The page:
Targeting fish on hot summer days

Hey everyone and thank for swinging by my blog. This weekend I fished some heat indexes of over 100 and figured this weeks blog would be about how I target fish in the heat. Below are my four keys to catching fish during the dog days of summer.

#1 Shadows are the key to bass

Bass will congregate along structure and overhangs that provide large shadows. The predatory fish use the shadows to stay a little cooler and also as an ambush point to feed on smaller baitfish and insects. A good technique to target these bass is with small crank baits or plastics.

Crappie also follow this habit and will concentrate around bridges and submerged structure in 5 to 10 feet of water. My main method for catching crappie in the summer is jigging light tackle curly tail grubs and minnow like plastics along the structure.

#2 Mid day fishing is sometimes crazy  good

You would think that mid day temperature periods during the summer would be dead, but my trip on Sunday showed my that even in 100 degrees and at high noon, the topwater frog bite was insane. I ran out of my Stanley Ribbit lures before I even got to the good fishing holes. After summer rains look to target bass as high up on the bank as the water rises, it always blows my mind how many bites I get in water that has flooded into standing grass and weed lines. I throw a weedless Stanley Ribbit in the watermelon red color to target the bass. Just remember if the water rises so do the fish.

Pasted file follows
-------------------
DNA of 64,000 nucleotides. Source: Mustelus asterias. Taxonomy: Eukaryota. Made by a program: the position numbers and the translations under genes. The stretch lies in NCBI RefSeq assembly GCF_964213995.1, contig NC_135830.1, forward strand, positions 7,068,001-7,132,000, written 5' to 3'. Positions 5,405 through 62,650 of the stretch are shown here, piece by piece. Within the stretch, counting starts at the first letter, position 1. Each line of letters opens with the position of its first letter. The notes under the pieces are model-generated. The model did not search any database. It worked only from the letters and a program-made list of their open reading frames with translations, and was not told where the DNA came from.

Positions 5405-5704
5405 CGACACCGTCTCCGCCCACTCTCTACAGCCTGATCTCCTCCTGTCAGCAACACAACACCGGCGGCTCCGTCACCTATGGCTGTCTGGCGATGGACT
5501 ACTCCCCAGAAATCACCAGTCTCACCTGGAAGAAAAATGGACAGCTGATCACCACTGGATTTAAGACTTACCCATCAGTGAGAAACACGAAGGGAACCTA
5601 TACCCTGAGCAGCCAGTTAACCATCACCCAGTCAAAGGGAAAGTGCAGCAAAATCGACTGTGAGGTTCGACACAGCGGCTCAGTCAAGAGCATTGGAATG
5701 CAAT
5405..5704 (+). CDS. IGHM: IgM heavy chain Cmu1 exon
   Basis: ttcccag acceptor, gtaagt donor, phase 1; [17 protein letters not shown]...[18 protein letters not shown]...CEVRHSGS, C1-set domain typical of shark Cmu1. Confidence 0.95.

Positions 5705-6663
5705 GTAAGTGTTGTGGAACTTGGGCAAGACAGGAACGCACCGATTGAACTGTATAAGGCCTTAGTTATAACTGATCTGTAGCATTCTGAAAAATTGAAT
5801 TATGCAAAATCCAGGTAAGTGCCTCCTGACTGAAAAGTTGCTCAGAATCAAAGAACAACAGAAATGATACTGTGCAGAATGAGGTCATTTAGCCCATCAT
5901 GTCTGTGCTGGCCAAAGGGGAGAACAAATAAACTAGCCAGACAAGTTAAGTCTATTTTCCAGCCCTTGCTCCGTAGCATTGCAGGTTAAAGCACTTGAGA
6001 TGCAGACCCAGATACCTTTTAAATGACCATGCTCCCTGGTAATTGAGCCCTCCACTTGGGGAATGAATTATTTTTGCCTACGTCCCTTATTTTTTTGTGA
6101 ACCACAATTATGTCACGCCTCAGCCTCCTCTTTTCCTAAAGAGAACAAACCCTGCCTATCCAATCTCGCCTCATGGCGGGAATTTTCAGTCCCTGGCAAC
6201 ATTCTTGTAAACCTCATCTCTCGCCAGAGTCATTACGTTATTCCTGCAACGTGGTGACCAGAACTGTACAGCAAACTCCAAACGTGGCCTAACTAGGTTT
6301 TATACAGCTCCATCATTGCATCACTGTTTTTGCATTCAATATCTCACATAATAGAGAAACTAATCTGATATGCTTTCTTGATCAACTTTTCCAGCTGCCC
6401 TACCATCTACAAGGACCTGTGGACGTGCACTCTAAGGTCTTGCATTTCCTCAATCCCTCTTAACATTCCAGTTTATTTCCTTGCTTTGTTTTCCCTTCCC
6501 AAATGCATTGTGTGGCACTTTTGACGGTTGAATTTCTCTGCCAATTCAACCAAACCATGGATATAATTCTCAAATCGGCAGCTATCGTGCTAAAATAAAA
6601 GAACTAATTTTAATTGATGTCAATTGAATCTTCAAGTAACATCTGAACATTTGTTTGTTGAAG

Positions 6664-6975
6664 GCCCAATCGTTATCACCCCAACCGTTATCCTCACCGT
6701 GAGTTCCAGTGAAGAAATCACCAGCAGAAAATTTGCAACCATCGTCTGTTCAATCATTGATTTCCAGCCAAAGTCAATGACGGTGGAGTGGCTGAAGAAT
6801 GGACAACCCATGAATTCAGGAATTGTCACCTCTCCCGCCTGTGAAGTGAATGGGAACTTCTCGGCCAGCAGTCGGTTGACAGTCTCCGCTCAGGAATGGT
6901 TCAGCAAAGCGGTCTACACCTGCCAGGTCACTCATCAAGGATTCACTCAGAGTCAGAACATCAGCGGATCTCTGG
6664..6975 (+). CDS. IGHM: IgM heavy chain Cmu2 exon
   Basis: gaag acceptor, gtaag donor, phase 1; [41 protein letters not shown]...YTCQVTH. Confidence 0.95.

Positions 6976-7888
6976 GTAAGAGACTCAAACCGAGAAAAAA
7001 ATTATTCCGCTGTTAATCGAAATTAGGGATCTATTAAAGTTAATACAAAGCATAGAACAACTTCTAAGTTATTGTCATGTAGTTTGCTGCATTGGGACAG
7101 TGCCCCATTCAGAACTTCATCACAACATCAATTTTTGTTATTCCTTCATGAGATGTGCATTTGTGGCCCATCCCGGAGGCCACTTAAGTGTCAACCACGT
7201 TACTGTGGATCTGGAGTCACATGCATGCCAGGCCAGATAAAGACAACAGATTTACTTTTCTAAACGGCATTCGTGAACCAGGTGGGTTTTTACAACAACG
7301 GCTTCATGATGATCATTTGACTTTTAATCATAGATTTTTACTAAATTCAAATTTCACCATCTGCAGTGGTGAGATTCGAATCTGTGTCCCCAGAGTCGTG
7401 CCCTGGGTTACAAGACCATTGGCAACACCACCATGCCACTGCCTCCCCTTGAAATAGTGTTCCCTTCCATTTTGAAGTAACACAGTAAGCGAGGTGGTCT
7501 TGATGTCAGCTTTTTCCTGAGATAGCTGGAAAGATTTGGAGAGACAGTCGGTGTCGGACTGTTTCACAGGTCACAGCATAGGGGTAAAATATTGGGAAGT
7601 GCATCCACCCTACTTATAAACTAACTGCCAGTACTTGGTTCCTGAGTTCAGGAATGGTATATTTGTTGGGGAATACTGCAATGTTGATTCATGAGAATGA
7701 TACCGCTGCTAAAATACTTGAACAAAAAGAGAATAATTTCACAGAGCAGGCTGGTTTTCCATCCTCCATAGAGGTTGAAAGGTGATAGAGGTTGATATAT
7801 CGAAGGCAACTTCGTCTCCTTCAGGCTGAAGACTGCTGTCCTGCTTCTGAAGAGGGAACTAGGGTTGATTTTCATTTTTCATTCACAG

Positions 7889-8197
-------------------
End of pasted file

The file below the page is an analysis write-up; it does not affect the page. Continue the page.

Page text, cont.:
#3 The good old fashioned Super Fluke

My favorite and most effective bass fishing method has and always will be the Super Fluke. My go to color is watermelon red flake but I have also had success with the Arkansas Shiner color as well as the Mardi Gras color. I usually fish the fluke with a weightless setup but sometimes a 1/8 ounce bullet weight gets it deep enough to work the structure the fish are holding on. 90 percent of your strikes will be as the fluke is falling through the water column so be patient with your lure action and let it sink.

#4 Finess fishing worms

A texas-rigged worm is the most widely used method for summer bass. When bass are lethargic and don’t want to chase fast moving or floating baits a slow moving worm dragged in front of their face is hard to resist, My main colors I use are pink, purple, june-bug and watermelon red. a 1/8 to 1/4 ounce bullet weight is all you will need in most situations. Once again, in the early morning and evening hours don’t be afraid to literally throw your lure onto the bank and work it into the water. My biggest bass the summer was in less than a foot of water when he hit my worm.

I hope this short post will help you catch some more bass this summer and remember, snakes also like shaded areas so be careful when you fish and always keep an eye out. Good luck and stay safe!

Leave a Reply

Fill in your details below or click an icon to log in:

WordPress.com Logo

You are commenting using your WordPress.com account. Log Out / Change )

Twitter picture

You are commenting using your Twitter account. Log Out / Change )

Facebook photo

You are commenting using your Facebook account. Log Out / Change )

Google+ photo

You are commenting using your Google+ account. Log Out / Change )

Connecting to %s